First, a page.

But the same phenomenon nearly caused the collapse of one of America’s other largest dams, Glen Canyon, a 710-foot tall behemoth on the Colorado River, in 1983…
When engineers entered the Glen Canyon Dam’s damaged spillway, they found a crater 32 feet deep and 180 feet long, and tons of concrete, reinforced metal and rock that had simply washed away. The right spillway had similar, but less severe damage.
They didn’t simply reconstruct the spillways, they introduced new technology with aeration slots — essentially ramps at vulnerable spots in the spillway to create an air pocket where water vapor could be disrupted and weakened. The physics gambit worked. In 1984, the runoff was equally as challenging, but Glen Canyon’s spillways had no problems.
Those fixes led the federal agency to retrofit two other large dams — Hoover and Blue Mesa — with aerators.
“It was a defining moment in dam design,” Bureau of Reclamation hydraulic engineer Philip Burgi told a magazine years later. “The world was watching how we were going to solve this problem.”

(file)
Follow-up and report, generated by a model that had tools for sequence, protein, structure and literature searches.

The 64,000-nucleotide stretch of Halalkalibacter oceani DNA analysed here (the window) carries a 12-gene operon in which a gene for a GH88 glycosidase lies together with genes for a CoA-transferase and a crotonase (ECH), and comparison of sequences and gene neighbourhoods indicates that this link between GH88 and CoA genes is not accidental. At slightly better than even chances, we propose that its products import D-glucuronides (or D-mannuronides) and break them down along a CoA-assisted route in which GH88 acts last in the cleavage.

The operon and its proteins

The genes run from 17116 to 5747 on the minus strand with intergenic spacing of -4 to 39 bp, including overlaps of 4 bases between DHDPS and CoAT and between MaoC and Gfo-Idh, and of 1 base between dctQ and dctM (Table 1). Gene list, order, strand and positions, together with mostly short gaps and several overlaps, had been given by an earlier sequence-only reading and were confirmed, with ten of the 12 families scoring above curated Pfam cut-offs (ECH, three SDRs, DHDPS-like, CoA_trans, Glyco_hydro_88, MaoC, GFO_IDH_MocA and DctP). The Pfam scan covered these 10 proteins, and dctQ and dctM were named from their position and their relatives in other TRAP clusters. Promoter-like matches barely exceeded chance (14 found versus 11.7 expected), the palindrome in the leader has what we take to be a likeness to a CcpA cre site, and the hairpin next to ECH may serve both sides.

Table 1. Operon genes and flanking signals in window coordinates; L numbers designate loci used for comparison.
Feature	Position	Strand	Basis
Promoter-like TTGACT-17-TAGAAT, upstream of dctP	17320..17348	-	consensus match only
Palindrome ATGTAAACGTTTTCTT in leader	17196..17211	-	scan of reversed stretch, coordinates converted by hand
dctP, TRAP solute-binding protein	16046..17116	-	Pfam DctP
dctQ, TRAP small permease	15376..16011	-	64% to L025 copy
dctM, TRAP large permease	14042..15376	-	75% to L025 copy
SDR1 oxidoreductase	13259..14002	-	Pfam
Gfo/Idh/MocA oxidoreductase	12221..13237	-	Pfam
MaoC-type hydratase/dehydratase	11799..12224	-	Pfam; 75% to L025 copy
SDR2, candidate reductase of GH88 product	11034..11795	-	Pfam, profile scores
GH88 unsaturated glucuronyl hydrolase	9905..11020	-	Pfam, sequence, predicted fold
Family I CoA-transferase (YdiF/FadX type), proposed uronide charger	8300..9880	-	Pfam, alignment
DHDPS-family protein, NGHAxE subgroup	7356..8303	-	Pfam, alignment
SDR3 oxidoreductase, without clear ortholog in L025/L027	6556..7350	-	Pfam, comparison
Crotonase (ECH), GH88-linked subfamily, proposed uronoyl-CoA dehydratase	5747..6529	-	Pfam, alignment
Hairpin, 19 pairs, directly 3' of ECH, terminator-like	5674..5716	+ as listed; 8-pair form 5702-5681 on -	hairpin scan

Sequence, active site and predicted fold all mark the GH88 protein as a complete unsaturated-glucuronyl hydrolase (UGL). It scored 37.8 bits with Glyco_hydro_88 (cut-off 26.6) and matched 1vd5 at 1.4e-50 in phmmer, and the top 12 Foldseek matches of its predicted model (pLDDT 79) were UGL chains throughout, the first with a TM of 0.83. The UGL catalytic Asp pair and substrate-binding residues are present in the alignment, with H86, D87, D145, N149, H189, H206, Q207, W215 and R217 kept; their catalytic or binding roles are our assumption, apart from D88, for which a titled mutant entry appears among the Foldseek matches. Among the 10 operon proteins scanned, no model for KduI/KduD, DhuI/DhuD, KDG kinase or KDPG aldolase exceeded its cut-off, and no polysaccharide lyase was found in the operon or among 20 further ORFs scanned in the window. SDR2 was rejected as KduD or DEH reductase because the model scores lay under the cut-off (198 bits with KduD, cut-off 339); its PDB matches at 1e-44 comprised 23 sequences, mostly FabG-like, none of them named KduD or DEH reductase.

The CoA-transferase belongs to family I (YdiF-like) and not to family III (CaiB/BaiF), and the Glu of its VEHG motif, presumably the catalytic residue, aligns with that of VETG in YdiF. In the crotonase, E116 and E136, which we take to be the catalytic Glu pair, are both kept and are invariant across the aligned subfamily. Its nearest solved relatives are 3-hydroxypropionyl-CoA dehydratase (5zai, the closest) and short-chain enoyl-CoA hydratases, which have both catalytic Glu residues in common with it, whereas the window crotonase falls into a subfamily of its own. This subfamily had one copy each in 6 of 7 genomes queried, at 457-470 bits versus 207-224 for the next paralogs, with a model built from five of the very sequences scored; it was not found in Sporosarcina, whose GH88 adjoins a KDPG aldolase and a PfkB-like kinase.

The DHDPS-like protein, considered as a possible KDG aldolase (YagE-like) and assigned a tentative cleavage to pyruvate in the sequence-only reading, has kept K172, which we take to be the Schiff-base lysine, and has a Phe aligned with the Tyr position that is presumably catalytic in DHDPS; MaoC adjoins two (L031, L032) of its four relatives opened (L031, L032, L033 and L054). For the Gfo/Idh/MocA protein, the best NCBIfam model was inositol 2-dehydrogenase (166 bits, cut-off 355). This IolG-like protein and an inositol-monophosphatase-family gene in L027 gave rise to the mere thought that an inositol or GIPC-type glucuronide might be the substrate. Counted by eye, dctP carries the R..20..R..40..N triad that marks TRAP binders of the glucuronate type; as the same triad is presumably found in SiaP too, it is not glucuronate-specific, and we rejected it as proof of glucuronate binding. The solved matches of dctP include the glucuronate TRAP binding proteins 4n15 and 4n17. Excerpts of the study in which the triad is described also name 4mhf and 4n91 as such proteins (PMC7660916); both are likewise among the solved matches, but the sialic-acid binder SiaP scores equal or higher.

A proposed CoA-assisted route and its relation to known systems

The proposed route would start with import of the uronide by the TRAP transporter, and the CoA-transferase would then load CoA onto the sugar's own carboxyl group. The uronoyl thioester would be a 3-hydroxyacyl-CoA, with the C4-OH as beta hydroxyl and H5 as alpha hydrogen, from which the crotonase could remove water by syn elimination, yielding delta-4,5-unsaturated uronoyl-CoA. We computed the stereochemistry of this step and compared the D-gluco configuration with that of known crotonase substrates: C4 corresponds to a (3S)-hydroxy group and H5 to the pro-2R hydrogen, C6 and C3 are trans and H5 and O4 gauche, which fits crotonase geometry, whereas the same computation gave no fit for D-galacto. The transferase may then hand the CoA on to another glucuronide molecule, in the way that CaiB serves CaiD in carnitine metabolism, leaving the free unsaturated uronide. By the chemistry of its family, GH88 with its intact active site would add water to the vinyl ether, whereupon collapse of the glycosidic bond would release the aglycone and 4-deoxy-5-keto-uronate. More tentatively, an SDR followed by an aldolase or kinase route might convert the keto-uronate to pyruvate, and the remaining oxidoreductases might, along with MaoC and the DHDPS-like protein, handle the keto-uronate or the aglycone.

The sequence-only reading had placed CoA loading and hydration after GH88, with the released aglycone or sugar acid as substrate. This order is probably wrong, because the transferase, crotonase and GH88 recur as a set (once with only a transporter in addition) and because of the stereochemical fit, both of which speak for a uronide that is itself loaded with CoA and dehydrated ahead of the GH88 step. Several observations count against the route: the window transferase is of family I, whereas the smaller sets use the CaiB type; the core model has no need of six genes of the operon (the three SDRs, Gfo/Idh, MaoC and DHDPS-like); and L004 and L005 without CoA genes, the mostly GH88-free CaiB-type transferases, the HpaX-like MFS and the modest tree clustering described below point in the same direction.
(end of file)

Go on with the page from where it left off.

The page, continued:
Similar fixes were added to the Tarbela Dam in Pakistan and Infiernillo Dam in Mexico, and now are common in new dams.
It could be months before the cause of the collapse of Oroville Dam’s spillway is known. The Federal Energy Regulatory Commission this week ordered the state Department of Water Resources to convene a panel of five dam engineering experts to oversee an investigation.
But despite the lessons from Glen Canyon, the Oroville Dam spillway apparently did not have aerators. The massive chute is 178 feet wide, as wide as 15 lanes of freeway, and just 15 inches thick in the middle. Sources at the Department of Water Resources say it hadn’t been retrofitted with aerators — likely one or two ramps, in the case of Oroville’s chute-style spillway, perhaps a foot high each, that would allow the water to flow over and reduce the risk of cavitation.
“Compared to the cost to repair that, it would be just a few million dollars,” said Tullis. “It’s not just a matter of money, it’s a matter of safety. It should have been a priority.”
When the main spillway failed, officials had to slow water releases. The lake, swollen from heavy storms, rose nearly 50 feet in five days and overtopped its emergency spillway for the first time ever, forcing the emergency evacuation of nearly 200,000 residents along the Feather River. The hillside below the emergency spillway eroded badly, leading to fears it would collapse, and send a wall of water into towns below. In recent days, dam operators have increased flows down the broken main spillway, dropping the lake level, and hoping it doesn’t further tear apart.